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encouraged him to wait. It should not peals of the ninth circuit (27 C. C. A. 550, have encouraged him, because, as we have 48 U. S. App. 668, 83 Fed. 365). See also said, it gave him no rights. The fact that 36 Fed. 808; Farmers' Loan & T. Co. v. the receiver used the ties is of no impor- Kansas City, W. & N. W. R. Co. 53 Fed. tance. They already were the property of 182; Farmers' Loan & T. Co. v. Northern the road, and it was his business to use P. R. Co. 68 Fed. 36; Atlantic Trust Co. them. The material point is not the time v. Woodbridge & Irrig. Co. 79 Fed. 39. And when they were used, but the time when even the sixth circuit, from whence the they were acquired.

pending case now comes. Central Trust Co. Decree affirmed.

v. East Tennessee, V. & G. R. Co. 26 C. C.

A. 30, 47 U. S. App. 663, 80 Fed. 624. Mr. Justice McKenna, with whom con- There is strength in this agreement at cur Mr. Justice Harlan and Mr. Justice circuit, and much that was said could be White, dissenting:

quoted with advantage; but, as my ultiI am unable to concur in the opinion of mate reliance must be the decisions of this the court, and the importance of the ques-court, I shall proceed immediately to an tions involved justifies an expression of the examination of them. ground of my dissent.

Miltenberger v. Logansport, C. & 8. W. The controversy arises from a claim, to R. Co. 106 U. S. 286, 27 L. ed. 117, 1 Sup. quote from the circuit court of appeals, Ct. Rep. 140, is one of the most important for cross ties essential to the replacement of the cases. Indeed, it is the leading case, of ties decayed in current operation of the and is carried into and approved in a numrailroad. A large proportion were on hand ber of subsequent cases. The decisions which when the receiver was appointed, and were precede it, including Fosdick v. Schall, 99 used by him in the maintenance of the road-U. S. 235, 25 L. ed. 339, I assume, are unway. They were all purchased within six derstood. Wallace v. Loomis, 97 U. S. 146, months before the receivership, and under 24 L. ed. 895, may, however, be noticed. It circumstances indicating an expectation was a suit to foreclose a mortgage on a that they would be paid for out of current railroad, in which suit a receiver was apincome. The claim is, in every respect, a pointed. The receivers were authorized to highly meritorious one."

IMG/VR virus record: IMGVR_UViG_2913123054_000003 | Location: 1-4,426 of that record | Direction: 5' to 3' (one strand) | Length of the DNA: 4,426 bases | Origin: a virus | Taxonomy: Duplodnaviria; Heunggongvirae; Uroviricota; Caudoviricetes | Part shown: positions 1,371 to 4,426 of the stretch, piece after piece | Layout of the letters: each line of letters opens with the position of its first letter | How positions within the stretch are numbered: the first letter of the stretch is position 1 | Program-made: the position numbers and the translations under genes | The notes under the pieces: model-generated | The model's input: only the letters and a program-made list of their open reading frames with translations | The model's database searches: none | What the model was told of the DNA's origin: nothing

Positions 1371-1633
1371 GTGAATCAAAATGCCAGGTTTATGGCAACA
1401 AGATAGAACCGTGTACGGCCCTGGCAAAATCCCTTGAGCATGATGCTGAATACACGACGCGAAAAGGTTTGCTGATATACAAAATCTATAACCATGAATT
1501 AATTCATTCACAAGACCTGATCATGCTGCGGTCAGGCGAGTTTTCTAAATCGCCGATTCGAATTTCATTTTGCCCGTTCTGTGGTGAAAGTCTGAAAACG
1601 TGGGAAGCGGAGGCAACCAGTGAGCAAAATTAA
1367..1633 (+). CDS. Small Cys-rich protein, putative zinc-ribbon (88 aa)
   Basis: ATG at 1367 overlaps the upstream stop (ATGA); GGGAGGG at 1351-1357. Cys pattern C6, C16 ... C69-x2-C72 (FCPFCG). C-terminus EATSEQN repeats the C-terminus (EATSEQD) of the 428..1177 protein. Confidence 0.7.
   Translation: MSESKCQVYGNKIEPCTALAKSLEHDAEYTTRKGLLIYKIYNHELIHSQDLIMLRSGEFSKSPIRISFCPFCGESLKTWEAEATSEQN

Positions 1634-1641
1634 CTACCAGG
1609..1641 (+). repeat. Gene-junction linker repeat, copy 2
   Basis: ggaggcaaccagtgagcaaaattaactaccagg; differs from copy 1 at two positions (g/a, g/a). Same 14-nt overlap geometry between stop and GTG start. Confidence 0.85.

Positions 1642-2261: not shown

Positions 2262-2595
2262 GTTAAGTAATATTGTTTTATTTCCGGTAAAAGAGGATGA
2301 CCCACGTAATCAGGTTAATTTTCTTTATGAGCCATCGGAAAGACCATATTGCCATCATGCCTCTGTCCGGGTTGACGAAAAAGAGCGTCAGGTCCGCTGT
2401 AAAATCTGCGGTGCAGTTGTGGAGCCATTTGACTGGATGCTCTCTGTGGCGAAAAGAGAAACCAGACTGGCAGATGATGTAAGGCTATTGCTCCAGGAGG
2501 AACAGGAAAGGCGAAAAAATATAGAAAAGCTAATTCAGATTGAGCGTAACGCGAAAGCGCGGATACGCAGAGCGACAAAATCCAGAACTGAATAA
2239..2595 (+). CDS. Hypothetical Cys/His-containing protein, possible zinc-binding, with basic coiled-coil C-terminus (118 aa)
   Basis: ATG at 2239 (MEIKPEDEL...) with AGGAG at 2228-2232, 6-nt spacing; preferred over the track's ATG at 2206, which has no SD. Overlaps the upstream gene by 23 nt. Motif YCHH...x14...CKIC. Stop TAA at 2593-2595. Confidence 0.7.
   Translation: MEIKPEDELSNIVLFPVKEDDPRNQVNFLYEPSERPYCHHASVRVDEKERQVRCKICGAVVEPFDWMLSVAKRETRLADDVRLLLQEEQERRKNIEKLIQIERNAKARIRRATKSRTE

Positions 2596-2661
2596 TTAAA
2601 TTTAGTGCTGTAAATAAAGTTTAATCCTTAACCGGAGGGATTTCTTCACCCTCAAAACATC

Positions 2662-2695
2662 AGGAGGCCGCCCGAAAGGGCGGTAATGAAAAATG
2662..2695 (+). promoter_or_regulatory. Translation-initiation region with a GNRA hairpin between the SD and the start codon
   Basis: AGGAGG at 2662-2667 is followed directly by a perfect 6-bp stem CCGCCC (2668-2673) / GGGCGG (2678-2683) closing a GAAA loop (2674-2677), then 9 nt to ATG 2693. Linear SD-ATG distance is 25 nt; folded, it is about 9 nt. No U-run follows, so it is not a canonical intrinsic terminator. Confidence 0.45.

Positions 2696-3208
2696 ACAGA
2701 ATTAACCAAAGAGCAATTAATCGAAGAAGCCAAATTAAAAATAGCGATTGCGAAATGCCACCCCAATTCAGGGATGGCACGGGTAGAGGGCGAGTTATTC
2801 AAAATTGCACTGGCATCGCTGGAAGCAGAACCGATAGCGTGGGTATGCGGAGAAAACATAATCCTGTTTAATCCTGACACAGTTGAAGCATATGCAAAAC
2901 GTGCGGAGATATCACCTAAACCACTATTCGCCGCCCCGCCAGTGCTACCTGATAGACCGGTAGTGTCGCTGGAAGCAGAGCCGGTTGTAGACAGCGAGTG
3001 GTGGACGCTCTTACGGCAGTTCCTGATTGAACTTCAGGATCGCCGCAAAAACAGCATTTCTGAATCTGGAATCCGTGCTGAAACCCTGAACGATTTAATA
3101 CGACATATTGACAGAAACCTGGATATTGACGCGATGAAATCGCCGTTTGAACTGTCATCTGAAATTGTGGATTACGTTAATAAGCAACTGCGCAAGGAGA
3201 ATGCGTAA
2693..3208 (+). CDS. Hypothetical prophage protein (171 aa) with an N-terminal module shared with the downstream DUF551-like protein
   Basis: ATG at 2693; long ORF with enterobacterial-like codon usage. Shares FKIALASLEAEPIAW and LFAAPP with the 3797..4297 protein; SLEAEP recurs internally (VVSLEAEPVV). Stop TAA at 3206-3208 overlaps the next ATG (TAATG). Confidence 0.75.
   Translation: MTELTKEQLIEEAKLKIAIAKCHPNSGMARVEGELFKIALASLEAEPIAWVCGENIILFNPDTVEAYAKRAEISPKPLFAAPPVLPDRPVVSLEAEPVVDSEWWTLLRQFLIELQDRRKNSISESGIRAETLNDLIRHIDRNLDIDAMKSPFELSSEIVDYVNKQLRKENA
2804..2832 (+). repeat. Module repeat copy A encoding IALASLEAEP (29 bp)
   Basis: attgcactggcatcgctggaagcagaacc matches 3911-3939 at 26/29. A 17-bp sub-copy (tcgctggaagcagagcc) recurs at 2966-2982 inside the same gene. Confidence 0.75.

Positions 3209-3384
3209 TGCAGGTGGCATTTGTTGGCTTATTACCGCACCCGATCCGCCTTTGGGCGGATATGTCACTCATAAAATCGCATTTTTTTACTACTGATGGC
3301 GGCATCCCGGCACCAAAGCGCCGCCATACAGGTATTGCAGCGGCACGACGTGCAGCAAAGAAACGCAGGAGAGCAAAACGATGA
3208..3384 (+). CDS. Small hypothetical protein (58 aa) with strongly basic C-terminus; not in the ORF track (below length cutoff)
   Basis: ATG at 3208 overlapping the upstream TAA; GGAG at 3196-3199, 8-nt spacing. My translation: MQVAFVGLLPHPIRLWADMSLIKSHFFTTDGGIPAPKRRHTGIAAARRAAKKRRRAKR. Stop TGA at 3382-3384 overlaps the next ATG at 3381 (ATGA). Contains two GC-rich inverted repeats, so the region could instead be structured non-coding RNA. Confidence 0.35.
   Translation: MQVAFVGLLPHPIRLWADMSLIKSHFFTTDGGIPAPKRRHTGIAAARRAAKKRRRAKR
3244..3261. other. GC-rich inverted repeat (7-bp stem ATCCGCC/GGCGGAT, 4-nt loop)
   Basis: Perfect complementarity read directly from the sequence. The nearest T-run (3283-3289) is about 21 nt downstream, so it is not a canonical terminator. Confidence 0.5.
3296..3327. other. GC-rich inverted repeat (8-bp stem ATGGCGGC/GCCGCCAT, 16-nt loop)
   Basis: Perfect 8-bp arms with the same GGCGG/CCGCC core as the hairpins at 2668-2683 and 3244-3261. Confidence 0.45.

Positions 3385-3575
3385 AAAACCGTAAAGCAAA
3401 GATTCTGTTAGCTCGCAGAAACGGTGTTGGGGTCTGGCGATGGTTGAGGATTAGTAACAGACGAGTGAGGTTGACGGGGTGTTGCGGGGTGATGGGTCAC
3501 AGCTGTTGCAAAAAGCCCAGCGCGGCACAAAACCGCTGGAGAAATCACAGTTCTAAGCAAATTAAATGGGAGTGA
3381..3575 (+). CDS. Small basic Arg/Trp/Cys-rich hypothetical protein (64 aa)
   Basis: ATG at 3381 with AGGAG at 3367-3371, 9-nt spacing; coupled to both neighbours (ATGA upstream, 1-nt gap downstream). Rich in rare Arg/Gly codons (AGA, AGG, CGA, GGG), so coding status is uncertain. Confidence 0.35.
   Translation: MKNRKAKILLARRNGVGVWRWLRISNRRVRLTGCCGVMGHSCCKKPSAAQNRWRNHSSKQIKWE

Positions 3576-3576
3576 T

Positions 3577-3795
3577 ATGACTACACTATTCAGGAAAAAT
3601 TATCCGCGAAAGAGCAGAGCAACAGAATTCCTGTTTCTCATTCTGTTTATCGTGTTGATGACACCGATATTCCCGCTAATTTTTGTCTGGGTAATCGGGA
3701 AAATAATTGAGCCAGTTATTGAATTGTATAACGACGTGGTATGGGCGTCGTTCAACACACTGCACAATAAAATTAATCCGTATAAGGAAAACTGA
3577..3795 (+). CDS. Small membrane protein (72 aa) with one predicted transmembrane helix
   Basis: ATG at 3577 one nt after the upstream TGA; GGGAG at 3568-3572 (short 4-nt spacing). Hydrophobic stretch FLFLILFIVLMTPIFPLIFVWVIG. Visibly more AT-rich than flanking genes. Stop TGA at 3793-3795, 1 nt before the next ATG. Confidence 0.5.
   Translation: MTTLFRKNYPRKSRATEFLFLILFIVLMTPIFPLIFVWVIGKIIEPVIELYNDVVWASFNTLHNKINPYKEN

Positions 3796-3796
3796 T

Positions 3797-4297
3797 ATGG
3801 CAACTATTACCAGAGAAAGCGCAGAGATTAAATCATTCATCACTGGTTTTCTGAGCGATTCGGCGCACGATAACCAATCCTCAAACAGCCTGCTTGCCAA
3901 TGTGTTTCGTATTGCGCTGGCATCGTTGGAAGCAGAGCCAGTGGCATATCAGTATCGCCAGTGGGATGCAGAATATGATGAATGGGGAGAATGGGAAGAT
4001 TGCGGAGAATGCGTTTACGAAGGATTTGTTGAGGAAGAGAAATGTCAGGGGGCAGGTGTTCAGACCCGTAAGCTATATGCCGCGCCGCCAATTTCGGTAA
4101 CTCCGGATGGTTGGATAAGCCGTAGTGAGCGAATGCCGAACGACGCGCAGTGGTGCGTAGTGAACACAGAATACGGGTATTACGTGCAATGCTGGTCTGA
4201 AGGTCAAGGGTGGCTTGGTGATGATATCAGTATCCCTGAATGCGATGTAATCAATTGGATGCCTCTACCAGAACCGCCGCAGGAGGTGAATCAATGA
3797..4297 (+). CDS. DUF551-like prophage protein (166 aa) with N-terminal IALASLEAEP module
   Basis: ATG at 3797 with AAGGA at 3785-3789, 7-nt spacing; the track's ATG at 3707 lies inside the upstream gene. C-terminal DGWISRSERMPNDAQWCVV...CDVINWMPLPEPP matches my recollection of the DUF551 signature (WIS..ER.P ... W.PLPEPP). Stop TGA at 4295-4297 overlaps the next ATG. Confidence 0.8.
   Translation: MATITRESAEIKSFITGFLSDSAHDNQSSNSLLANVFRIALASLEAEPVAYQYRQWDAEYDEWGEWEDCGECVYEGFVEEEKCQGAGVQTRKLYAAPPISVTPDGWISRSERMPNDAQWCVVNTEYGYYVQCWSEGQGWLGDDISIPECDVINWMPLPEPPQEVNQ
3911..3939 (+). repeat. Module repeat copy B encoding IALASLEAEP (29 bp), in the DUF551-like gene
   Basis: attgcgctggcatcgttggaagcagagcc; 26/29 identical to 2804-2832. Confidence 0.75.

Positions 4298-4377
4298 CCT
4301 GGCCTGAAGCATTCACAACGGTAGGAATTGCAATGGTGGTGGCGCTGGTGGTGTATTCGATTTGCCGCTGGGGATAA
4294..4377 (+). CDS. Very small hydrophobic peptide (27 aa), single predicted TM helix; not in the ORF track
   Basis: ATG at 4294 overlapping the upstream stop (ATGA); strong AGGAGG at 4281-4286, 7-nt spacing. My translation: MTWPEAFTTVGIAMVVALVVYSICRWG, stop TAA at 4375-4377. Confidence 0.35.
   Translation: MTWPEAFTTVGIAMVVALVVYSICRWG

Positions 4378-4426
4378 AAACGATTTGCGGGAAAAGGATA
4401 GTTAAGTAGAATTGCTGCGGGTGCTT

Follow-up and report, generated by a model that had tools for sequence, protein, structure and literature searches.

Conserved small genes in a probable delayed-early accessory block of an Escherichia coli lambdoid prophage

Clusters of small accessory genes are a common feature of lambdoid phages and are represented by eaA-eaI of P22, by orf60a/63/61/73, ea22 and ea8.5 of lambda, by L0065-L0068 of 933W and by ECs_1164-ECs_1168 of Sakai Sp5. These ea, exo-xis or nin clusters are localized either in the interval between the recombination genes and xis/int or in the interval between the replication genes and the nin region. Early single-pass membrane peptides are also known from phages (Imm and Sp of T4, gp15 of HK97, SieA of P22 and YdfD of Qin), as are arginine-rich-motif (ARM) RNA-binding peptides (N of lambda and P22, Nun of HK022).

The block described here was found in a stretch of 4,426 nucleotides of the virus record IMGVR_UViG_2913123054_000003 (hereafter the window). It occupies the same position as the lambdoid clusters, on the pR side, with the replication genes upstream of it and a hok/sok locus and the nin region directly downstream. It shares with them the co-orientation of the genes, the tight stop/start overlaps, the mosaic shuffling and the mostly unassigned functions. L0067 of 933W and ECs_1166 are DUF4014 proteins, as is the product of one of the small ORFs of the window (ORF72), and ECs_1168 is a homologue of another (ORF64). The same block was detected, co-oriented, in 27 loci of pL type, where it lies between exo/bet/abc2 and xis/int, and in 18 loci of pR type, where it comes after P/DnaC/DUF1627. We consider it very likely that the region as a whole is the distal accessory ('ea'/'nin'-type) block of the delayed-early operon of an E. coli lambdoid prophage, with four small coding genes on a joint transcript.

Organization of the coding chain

raise money by loan upon certificates to be This description is supplemented by stip- issued by them, “to put the road and propulation of counsel that the claim is for erty in repair, and to complete any un"necessary operating expenses in keeping completed portions thereof, and to procure and using said railroad and preserving said rolling stock, and to manage and operate property in a fit and safe condition.” The the road to the best advantage, so as to claim is denied, affirming the judgment of prevent the property from further detethe lower court, payment out of the body riorating, and to save and preserve the same of the fund in the hands of the receiver; for the benefit and interest of the first and why? That the decisions of this court mortgage bondholders, and all others havmay be construed as extending the equity ing an interest therein.” The receivers of claims for supplies so far is conceded. obeyed the order, and the decree of the It is said: “An impression that such a court “declared the amount due on the regeneral rule was to be deduced from the deceiver's certificates to be a lien on the cisions of this court led to an evidently un- property in their hands prior to that of willing application of it in New England the first mortgage bonds." This court susR. Co. v. Carnegie Steel Co. 21 C. C. A. tained the decree as follows: 219, 33 U. S. App. 491, 75 Fed. 54, 58, and “The power of a court of equity to apperhaps in other cases."